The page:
In the era of the digital revolution, experience can be compared to the new currency one may spend, invest, and brands are fighting for. Experiences with brands are the most important and defining. And expectations regarding them are high and will never be lower. Rather we will see them skyrocket.

OST: So how to respond to these skyrocketing expectations?

KT: Consumers expect the solutions they use to be intuitive, simple, and functional. It is also worth noting that customers have never had so many options to choose from. Nowadays, if I want to order food, I can simultaneously go to my favorite restaurant’s website, Pyszne.pl, and open 10 tabs with selected eateries, and in the meantime, browse the various cuisines of the world in the Uber Eats mobile app.

In Flying Bisons I design digital products every day, and from my personal experiences, I know that the competition is enormous – both in terms of the pursuit of customers and the digital products and services offered. Global solutions such as Uber Eats or Bolt Foods are created by internal teams of dozens, if not hundreds of experts who, from month to month, add new features to their applications to optimize conversion and customer experience. They are maxing out all they have by fractions of a percent. With millions of users, it will bring enough ROI to be justified.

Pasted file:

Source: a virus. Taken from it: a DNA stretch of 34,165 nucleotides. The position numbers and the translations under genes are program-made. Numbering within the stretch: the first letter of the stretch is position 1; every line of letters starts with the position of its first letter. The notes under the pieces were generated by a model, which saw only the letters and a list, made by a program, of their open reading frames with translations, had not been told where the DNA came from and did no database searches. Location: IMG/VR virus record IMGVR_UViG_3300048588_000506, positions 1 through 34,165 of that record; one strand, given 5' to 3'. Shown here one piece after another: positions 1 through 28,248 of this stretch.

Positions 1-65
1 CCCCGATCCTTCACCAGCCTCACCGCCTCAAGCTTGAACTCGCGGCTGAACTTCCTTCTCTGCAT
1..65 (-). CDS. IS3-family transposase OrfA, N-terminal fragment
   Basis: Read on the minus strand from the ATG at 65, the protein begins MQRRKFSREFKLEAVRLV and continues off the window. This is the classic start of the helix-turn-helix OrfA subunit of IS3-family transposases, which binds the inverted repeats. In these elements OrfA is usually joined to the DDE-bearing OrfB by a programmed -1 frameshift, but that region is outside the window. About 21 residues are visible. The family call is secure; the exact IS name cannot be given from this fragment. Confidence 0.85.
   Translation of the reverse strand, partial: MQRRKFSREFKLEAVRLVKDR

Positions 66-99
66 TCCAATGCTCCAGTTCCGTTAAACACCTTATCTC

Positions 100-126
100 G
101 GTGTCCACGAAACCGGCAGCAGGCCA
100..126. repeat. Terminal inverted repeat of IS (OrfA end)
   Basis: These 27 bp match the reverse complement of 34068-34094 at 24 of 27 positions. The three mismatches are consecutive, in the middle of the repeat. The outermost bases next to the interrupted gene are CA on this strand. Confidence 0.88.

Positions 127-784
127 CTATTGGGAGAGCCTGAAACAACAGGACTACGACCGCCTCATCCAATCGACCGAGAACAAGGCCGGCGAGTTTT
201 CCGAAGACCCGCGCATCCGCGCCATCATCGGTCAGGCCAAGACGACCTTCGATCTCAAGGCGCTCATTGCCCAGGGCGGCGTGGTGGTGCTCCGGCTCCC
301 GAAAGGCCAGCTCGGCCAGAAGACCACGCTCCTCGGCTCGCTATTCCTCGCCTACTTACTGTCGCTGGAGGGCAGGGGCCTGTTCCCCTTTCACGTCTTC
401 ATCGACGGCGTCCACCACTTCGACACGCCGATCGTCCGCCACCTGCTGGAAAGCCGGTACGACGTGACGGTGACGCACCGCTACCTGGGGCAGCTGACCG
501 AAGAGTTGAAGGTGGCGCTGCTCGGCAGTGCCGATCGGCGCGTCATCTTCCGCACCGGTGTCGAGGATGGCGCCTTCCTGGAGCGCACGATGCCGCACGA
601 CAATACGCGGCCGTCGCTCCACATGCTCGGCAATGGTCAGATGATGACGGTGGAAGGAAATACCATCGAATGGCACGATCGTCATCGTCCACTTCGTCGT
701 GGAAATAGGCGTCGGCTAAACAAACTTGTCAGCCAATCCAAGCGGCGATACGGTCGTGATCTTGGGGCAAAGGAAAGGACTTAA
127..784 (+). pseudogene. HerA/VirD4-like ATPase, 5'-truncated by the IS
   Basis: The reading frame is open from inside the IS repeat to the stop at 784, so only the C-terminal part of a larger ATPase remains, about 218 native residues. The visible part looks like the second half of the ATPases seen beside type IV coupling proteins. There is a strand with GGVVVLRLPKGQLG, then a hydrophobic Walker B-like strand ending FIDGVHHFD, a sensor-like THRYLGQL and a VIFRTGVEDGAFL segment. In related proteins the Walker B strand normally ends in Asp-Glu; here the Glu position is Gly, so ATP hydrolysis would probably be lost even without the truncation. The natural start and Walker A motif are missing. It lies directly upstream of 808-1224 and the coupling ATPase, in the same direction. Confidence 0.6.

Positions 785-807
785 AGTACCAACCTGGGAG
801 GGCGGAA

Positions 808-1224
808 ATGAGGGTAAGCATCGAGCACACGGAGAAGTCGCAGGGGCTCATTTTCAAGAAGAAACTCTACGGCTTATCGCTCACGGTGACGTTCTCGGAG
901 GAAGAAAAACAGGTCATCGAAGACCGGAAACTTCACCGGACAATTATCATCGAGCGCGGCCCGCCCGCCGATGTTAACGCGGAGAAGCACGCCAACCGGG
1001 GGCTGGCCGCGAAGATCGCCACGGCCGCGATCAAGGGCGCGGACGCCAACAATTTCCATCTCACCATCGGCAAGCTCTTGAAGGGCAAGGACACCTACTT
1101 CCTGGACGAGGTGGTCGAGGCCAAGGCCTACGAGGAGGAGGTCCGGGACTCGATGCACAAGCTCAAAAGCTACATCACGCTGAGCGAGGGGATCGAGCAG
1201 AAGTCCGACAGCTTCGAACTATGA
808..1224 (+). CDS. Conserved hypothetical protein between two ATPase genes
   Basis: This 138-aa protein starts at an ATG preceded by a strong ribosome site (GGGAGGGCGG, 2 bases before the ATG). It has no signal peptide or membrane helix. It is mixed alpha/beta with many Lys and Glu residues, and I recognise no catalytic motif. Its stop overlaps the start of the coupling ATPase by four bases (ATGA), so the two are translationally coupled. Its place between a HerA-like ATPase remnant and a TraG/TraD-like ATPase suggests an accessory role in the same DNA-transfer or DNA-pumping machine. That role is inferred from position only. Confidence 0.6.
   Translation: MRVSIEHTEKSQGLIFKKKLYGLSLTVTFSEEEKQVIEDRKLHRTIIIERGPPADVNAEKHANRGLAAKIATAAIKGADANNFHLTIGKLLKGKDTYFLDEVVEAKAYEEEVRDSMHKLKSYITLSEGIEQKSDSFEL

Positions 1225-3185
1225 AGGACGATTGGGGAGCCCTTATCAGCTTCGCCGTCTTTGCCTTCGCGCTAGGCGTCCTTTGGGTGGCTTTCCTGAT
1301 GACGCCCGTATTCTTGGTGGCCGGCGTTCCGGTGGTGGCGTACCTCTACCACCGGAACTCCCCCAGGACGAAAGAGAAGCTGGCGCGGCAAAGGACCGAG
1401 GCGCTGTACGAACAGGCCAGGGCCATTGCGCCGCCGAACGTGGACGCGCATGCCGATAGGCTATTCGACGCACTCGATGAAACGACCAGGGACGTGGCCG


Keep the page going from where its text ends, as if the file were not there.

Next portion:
OST: Daunting.

KT: This is precisely what makes many restaurants not even try to compete (due to a lack of resources and competencies) and, in fact, “surrender” by joining marketplace platforms, where a commission is required for all orders.